Surprising bike bills, 2017 edition

February 13, 2017

Alex Logemann, state + local policy analyst

Minnesota’s State Capitol (Brett Whaley)

Mandatory, state-issued permits for bike riders who want to pedal in a bike lane? Yes, this a real idea. January is the busiest month of the year for state legislatures nationwide, and with the flurry of new bills, it is the most important month to watch for new bike laws. At PeopleForBikes, we monitor every state legislature for proposed laws that could affect bike riding, and we comb through thousands of bills to make sure damaging laws do not fly under the radar.

Every session brings new proposals, and unfortunately many of these ideas would place obstacles between people and bikes.

Permits for Bike Lanes

In one of the most detailed proposals to regulate bike riding we have observed, Minnesota Representative Duane Quam introduced a bill that would require people to obtain an “urban bicycle lane use permit” prior to riding in a bike lane. To obtain a permit, people would have to undergo a multi-step process including completing a state-run bicycle safety education program, registering the bicycle, and paying a $5 fee. People could only receive a permit if they were at least 15 years old, leaving children unable to access bike lanes at all. This bill is not expected to advance.

Bike Registration

Lawmakers in two states have introduced bills to require the registration of bicycles. In Montana, Representative Alan Redfield introduced legislation to revamp the state’s registration fees for many types of vehicles, and including a provision that would require all people age 18 and older to register their bicycles, pay a one-time fee of $15, and obtain a registration sticker. Proceeds from registration would go to a fund for the maintenance of bicycle trails. The bicycle registration provision was removed from the bill before it passed out the House.

Similar legislation has been introduced in Vermont by Representative Cynthia Weed. The bill would require bike riders age 16 and older to pay a $15 registration fee, and place the registration proceeds in the state transportation fund. The bill is not expected to advance.

Mountain bikers on Spencer Mountain in Montana (Pepe Cam Photography)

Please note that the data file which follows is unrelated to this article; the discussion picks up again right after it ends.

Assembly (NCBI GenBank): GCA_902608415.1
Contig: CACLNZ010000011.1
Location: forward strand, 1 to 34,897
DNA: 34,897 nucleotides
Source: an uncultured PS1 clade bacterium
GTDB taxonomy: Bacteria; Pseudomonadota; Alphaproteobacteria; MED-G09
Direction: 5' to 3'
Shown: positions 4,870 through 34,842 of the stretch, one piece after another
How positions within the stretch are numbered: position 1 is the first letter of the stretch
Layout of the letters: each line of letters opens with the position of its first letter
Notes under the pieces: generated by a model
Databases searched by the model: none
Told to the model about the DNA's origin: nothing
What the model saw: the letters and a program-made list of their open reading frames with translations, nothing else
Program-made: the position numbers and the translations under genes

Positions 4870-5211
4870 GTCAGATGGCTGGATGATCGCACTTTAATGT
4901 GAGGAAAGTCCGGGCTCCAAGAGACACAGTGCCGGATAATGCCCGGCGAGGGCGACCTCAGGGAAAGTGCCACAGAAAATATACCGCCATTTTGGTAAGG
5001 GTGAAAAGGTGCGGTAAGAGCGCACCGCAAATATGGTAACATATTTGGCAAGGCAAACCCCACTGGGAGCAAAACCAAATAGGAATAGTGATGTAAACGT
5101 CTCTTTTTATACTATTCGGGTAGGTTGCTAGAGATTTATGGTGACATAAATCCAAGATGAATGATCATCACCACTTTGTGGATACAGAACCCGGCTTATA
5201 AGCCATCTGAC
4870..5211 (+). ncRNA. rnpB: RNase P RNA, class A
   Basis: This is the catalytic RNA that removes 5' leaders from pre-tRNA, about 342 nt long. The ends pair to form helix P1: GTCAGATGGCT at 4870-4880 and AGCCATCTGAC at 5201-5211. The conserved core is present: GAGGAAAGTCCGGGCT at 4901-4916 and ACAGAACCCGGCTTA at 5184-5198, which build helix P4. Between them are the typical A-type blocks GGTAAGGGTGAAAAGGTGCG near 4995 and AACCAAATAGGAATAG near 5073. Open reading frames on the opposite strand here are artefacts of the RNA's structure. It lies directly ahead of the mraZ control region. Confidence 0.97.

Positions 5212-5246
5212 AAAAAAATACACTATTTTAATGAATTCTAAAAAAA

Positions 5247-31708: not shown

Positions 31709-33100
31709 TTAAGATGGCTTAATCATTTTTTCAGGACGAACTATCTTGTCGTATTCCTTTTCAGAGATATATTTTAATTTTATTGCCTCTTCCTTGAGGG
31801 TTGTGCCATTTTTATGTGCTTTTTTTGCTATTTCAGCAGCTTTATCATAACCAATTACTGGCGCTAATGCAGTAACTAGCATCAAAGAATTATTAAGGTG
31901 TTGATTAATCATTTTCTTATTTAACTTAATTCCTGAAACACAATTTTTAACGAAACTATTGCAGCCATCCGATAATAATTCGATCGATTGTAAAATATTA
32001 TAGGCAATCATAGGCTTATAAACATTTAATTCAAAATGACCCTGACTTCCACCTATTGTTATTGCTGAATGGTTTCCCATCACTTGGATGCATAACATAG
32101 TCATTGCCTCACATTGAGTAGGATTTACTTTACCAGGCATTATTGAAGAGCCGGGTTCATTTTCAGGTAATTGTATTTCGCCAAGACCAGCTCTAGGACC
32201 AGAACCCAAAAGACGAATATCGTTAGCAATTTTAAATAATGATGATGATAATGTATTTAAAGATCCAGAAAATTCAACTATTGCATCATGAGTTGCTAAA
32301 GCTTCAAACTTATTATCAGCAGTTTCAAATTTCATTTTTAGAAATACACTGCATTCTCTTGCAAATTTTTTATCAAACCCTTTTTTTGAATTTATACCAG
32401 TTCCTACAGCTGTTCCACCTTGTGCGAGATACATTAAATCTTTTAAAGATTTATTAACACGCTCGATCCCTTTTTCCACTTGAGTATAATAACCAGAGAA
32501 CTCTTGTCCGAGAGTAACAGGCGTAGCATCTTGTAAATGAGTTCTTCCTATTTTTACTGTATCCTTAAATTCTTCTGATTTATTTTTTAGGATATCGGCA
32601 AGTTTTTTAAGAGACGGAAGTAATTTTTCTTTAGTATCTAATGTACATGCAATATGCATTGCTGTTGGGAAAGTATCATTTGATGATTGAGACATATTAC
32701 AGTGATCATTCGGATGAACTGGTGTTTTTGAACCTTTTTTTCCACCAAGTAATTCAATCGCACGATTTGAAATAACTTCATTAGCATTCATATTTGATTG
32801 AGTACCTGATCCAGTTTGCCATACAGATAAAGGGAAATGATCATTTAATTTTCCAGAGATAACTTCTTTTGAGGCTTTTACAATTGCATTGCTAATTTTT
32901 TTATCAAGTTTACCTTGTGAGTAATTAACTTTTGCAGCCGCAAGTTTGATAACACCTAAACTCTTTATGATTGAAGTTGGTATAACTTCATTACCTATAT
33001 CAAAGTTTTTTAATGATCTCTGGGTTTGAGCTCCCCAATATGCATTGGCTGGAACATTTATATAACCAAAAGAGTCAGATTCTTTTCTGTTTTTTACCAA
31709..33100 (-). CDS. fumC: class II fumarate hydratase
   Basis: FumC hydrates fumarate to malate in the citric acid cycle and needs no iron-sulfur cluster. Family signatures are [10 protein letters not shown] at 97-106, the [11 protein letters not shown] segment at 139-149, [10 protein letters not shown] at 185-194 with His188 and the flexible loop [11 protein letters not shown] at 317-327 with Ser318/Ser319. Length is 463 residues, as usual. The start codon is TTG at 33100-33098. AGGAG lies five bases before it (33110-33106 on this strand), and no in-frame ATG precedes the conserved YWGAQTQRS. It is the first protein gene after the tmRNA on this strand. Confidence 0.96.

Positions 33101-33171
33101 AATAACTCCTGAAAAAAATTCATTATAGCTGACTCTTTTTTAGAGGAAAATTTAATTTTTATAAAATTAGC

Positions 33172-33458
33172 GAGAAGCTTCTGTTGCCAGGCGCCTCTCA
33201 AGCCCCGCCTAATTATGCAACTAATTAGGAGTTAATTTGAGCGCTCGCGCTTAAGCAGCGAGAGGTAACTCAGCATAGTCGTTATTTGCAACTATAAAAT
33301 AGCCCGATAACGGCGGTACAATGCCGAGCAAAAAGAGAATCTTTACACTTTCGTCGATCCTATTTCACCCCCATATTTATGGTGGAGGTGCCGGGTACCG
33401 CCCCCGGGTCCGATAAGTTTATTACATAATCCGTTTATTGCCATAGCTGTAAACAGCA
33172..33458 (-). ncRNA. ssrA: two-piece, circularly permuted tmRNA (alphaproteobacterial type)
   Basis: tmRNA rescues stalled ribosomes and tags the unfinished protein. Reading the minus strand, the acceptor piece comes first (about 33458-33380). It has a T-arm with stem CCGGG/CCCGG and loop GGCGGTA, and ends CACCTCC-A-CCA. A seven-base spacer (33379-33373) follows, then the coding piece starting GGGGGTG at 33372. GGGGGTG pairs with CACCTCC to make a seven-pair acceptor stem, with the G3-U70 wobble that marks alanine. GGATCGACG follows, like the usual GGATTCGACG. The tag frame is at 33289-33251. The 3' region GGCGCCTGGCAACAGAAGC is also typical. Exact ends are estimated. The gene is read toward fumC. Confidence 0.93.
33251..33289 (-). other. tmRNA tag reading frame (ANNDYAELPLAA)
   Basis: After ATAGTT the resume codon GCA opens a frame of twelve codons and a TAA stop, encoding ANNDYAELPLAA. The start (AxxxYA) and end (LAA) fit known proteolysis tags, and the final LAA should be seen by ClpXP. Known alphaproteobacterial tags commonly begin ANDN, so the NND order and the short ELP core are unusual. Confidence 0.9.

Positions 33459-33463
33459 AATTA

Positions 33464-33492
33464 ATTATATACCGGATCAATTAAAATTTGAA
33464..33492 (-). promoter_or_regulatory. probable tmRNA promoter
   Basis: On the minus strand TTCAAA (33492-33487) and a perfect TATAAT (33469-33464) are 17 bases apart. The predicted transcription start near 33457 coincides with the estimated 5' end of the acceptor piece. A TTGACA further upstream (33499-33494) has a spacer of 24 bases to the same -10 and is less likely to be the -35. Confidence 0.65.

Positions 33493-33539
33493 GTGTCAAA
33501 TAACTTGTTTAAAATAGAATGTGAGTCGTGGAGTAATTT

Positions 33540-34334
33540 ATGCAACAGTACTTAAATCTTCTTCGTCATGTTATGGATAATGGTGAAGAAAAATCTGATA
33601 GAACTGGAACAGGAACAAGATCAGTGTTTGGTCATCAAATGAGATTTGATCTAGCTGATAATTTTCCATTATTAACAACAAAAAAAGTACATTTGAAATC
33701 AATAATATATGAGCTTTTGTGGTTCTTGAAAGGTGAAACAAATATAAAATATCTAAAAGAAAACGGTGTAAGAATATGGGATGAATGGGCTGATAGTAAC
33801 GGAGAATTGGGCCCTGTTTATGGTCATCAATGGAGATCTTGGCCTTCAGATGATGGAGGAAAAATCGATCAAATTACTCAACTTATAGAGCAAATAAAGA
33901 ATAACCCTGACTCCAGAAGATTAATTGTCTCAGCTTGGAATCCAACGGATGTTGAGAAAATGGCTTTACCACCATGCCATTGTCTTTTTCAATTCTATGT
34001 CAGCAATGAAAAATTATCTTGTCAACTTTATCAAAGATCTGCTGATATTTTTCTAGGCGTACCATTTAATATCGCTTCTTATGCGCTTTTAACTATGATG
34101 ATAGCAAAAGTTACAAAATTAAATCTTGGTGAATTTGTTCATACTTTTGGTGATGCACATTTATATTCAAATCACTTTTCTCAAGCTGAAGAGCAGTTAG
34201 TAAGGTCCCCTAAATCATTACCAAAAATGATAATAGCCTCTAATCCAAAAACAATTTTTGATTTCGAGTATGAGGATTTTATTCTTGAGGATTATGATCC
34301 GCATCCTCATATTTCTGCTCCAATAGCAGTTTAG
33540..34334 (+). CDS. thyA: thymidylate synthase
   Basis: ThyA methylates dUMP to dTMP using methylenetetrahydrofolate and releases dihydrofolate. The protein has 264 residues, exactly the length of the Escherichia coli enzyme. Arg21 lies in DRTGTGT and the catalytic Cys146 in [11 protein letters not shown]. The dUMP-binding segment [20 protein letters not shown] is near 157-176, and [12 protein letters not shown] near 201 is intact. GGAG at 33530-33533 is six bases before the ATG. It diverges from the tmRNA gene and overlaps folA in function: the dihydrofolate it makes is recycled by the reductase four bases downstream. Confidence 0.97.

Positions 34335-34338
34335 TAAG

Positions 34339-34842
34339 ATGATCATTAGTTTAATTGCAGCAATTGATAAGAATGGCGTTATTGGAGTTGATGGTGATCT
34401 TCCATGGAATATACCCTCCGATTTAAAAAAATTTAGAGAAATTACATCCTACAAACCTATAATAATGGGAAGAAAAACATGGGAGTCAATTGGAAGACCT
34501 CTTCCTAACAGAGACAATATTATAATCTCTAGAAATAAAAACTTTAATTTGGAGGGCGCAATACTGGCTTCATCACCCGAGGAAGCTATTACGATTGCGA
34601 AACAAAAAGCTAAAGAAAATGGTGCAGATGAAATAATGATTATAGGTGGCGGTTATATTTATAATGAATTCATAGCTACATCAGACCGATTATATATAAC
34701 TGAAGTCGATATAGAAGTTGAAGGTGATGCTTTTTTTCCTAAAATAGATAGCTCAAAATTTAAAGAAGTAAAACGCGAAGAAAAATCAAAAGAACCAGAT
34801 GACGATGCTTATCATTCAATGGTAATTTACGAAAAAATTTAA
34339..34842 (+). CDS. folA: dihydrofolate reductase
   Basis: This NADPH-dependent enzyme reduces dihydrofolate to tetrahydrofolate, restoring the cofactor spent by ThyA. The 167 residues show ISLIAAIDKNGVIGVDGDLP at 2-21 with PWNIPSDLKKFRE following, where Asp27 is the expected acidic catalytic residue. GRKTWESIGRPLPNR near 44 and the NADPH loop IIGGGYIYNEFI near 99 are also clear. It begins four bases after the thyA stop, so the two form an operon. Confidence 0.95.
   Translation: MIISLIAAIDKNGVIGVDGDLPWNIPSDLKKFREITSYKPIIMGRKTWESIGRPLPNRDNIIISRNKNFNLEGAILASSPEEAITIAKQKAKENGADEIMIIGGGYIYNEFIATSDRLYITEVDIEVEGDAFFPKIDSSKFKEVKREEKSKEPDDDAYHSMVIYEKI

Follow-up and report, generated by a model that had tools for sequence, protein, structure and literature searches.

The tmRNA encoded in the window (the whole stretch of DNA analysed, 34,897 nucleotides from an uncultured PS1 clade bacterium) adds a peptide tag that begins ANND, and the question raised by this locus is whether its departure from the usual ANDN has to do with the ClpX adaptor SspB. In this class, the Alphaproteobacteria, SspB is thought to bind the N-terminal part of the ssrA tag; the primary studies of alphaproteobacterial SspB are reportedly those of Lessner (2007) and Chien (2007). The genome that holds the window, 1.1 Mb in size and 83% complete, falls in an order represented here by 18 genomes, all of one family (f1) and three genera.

Mountain Bike Decals

In a different take on the registration issue, a proposed law in Wyoming would have required mountain bikers to pay a $15 annual fee and obtain a decal for their bicycle if they ride on public lands. Fees would be dedicated to maintaining and improving trails. This bill is now dead due to procedural rules in the House.

Prohibitions on Riding

Again in Montana, draft legislation was circulated by Representative Barry Usher that would prohibit bike riders from riding on roadways outside of municipalities if the road lacks a shoulder effectively eliminating bike access to thousands of miles of country roads and state highways. After a fast rebuke, Representative Usher elected not to move forward with the bill and didn’t introduce it.

While specific proposals can seem absurd, impractical, or misguided, we should also recognize that they are rooted in real concerns around issues that matter to us. Many ill-conceived proposals for bike riding are driven by a desire to correct perceived problems related to safety, infrastructure, and funding.

It is not enough to stop these bad ideas—we must help our elected officials fix the underlying issues. While banning bikes from the road is a draconian way to try to reduce injuries and fatalities, creating separated infrastructure and safe networks is a proven tactic. A shortage of funding for transportation is a problem in many states and localities that bike registration fees will never remedy. However, there are real solutions supported by politicians and voters.

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